Perfectionism and health

22/10/2020
Perfectionists by definition strive for the best, try to pass exams with flying colours, are meticulous in their jobs and raise perfect children. One could therefore assume that this urge for the ideal also applies to their health. ... from Live Sience by Rachael Rettner


However, new research shows that this characteristic can bring both benefits and risks.
The ambitious goals set can mean additional psychological pressure. Perfectionists are very self-critical, they are never satisfied with their performance.

In fact, studies show that the personality trait of perfectionism is associated with poor physical health and an increased risk of death. Researchers are just beginning to tear apart this complex trait and its relationship to health.
"Perfectionism is a virtue that must be praised," said Prem Fry, a professor of psychology at Trinity Western University in Canada. "But above a certain threshold it backfires and becomes an obstacle," she said.

While some may strive to be perfect in certain areas of their lives - such as an athlete who has to follow a gruelling training schedule - true perfectionism comes in a generalised form.

Researchers found that socially prescribed perfectionism was associated with poorer physical health, which in this case meant that people experienced more symptoms of health problems, had more visits to the doctor, took more working days and gave themselves low scores when asked about their health.
On the other hand, self-oriented perfectionism was associated with better physical health.
So what is behind this relationship?
One factor could be the degree to which people feel happy or sad, which in psychology is known as positive or negative affect. A 2006 paper showed that general negative feelings, including feelings of anxiety and excitement, could partly explain the relationship they saw between socially prescribed perfectionism and poorer health. And feelings of happiness explained the relationship between self-oriented perfectionism and better health.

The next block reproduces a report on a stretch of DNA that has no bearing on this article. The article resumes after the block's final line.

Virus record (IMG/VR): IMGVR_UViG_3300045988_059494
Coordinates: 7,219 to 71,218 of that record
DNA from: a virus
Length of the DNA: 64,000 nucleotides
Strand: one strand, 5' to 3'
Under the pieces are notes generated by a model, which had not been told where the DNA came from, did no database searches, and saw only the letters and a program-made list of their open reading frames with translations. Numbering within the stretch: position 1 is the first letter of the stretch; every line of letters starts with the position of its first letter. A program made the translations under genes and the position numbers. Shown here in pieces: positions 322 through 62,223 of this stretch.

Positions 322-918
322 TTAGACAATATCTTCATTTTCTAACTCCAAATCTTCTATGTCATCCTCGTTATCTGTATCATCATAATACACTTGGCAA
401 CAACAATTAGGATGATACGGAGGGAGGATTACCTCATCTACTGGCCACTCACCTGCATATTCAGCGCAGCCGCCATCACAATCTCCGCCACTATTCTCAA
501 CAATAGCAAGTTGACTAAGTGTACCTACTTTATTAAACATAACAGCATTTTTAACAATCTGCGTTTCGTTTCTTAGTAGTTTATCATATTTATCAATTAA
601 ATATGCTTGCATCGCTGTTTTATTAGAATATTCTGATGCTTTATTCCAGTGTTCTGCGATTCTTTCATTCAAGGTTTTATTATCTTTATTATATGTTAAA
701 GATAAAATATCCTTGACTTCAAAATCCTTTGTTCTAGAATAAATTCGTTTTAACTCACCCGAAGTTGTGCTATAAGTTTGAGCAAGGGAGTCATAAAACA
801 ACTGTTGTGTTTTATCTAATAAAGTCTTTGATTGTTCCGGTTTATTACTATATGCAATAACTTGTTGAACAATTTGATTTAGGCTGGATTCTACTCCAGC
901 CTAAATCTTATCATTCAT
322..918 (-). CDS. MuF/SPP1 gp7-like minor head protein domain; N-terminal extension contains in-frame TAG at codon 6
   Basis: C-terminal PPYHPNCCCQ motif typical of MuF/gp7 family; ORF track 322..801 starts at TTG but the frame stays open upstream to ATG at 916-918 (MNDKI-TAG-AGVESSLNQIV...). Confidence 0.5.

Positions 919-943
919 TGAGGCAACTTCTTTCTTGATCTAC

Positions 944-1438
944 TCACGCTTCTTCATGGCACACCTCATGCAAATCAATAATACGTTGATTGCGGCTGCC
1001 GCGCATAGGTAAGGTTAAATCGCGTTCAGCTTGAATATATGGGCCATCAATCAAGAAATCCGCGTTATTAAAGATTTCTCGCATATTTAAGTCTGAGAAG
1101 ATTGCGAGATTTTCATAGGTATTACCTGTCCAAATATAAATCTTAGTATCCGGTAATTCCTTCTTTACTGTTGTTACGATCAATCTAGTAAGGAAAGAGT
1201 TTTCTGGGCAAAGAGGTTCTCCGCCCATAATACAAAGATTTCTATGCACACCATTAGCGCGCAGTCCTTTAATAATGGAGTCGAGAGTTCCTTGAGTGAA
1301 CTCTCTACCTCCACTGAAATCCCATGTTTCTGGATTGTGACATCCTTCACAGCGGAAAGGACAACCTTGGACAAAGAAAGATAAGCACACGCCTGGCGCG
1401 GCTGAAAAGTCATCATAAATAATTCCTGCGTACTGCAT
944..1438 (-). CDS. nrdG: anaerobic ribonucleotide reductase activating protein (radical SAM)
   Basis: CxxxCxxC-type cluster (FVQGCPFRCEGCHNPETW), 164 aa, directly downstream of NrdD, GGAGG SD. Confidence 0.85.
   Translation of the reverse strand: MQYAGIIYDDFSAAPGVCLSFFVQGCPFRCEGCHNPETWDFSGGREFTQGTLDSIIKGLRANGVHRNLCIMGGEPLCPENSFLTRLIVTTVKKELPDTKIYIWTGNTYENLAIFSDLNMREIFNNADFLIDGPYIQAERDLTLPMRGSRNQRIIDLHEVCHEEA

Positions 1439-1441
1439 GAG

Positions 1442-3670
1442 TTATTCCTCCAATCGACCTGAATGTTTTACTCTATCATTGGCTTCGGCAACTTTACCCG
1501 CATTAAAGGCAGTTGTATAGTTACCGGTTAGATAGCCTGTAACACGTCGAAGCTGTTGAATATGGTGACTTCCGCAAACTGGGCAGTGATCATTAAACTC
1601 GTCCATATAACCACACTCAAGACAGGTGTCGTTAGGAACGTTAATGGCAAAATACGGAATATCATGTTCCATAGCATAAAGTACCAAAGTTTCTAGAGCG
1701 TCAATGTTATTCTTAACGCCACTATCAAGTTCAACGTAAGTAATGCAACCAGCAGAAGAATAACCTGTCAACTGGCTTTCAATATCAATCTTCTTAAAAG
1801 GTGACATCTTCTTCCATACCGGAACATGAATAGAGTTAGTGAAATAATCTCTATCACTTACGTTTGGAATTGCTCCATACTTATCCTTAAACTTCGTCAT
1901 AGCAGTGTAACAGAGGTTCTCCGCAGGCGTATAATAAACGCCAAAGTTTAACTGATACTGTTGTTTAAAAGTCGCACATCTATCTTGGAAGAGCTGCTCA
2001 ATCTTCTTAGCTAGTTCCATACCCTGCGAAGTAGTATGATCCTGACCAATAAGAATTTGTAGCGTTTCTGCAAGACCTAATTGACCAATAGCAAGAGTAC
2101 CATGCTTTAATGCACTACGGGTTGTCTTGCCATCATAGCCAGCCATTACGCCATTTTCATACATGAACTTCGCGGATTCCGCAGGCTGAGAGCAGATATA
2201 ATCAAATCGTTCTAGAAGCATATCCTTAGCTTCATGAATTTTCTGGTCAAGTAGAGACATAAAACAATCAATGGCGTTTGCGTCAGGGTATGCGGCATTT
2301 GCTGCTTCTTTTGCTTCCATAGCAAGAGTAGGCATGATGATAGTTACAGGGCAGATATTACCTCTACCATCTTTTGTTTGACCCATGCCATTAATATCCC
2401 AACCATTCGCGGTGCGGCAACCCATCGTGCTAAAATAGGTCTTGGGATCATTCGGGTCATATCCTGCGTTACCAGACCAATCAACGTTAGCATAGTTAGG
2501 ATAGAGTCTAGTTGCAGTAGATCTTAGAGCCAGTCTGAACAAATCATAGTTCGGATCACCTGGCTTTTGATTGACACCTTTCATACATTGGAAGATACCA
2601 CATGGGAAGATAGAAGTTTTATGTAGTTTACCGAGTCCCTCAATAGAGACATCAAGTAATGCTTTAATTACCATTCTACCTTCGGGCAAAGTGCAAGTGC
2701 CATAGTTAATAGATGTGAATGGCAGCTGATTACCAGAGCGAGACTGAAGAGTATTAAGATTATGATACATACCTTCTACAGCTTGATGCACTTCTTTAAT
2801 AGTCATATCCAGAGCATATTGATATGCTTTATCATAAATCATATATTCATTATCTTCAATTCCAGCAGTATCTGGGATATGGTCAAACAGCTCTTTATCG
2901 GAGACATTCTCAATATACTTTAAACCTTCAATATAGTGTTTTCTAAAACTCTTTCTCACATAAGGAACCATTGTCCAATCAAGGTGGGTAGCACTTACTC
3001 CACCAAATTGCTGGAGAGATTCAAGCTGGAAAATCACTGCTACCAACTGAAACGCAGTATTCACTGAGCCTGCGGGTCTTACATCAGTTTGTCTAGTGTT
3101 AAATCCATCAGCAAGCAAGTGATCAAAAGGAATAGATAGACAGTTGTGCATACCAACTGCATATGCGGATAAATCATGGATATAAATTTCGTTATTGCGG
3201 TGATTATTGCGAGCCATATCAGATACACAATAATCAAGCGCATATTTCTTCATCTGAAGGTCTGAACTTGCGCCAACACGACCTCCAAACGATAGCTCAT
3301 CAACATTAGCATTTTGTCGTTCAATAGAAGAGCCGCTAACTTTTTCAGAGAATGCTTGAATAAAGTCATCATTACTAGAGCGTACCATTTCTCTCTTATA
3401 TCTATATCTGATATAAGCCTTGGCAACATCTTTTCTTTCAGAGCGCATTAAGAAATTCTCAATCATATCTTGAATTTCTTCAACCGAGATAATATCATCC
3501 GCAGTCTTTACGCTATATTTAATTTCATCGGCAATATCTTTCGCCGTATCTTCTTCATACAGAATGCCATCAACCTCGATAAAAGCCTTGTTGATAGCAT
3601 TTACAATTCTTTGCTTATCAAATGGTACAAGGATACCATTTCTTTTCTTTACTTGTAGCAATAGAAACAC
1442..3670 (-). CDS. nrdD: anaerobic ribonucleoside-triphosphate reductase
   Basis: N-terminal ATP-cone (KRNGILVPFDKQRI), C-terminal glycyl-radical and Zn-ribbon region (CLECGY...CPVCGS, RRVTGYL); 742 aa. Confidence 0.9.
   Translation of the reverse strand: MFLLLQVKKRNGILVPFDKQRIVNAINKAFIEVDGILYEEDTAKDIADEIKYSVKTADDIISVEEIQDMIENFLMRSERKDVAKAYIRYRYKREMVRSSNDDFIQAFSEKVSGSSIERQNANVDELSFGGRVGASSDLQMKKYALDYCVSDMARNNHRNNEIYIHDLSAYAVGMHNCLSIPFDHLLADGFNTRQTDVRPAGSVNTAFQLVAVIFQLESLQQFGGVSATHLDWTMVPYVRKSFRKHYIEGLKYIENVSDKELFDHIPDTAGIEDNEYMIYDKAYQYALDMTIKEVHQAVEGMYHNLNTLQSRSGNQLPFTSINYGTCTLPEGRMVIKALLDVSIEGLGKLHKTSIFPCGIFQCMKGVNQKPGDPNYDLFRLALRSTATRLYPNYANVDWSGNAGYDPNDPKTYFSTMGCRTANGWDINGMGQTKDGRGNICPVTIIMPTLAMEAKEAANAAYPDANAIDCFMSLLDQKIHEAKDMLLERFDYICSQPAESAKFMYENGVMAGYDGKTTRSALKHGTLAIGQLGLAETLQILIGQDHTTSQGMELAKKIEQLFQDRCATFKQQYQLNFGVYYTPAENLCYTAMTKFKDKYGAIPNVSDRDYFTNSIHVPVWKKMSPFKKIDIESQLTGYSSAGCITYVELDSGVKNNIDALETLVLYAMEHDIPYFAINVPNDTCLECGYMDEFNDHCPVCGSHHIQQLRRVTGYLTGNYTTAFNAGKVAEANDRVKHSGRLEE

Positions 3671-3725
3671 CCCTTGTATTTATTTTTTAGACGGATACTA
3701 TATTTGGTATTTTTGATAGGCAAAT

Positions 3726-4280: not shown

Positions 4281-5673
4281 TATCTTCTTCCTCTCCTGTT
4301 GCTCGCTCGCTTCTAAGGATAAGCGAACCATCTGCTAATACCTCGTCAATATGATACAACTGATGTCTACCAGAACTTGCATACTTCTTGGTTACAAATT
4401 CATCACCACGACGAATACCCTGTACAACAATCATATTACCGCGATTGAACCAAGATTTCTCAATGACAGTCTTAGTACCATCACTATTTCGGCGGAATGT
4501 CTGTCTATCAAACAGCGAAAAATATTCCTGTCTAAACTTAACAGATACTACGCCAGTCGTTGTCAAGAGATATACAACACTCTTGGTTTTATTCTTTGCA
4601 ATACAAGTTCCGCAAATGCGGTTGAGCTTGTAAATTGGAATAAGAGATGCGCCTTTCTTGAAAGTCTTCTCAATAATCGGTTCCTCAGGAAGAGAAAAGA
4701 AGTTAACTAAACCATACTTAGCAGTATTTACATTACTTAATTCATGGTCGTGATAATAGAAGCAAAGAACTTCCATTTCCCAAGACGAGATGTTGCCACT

So what is behind this relationship?

One factor could be the degree to which people feel happy or sad, which in psychology is known as positive or negative affect. A 2006 paper showed that general negative feelings, including feelings of anxiety and excitement, could partly explain the relationship they saw between socially prescribed perfectionism and poorer health. And feelings of happiness explained the relationship between self-oriented perfectionism and better health.

Those who feel that others expect them to be perfect may also experience a deterioration in their health if they distance themselves from others and receive support from friends and family.
"We know that social support is a huge indicator of physical health. If you tend to have strong bonds with people, a good family life and good friendships, you tend to be healthier," Molnar said. "And we know that socially prescribed perfectionists tend to have this sense of separateness from other people, so it would make sense that one of the ways they would experience poorer health is through this sense of social separateness from others.
Even when others seek help, socially prescribed perfectionists might view such actions as critical.

Other perfectionists may be reluctant to ask for help altogether because they do not want to let it be known that something is wrong or that they are in some way imperfect.
"If you have to ask someone for help, it means you are flawed, it means you are weak, right? And so I think that there is also the idea of not wanting to make it appear that you need help from others," said Fuschia Sirois of the University of Windsor in Canada.

Poor health could also be the result of perfectionists leaving little time for themselves while spending every minute striving for perfection, Sirois said.
More research is needed to unravel the complicated relationship between perfectionism and health.


"One of the basic rules of the universe is that nothing is perfect. Perfection simply does not exist. Without imperfection, neither you nor I would exist." Stephen Hawking, Physicist.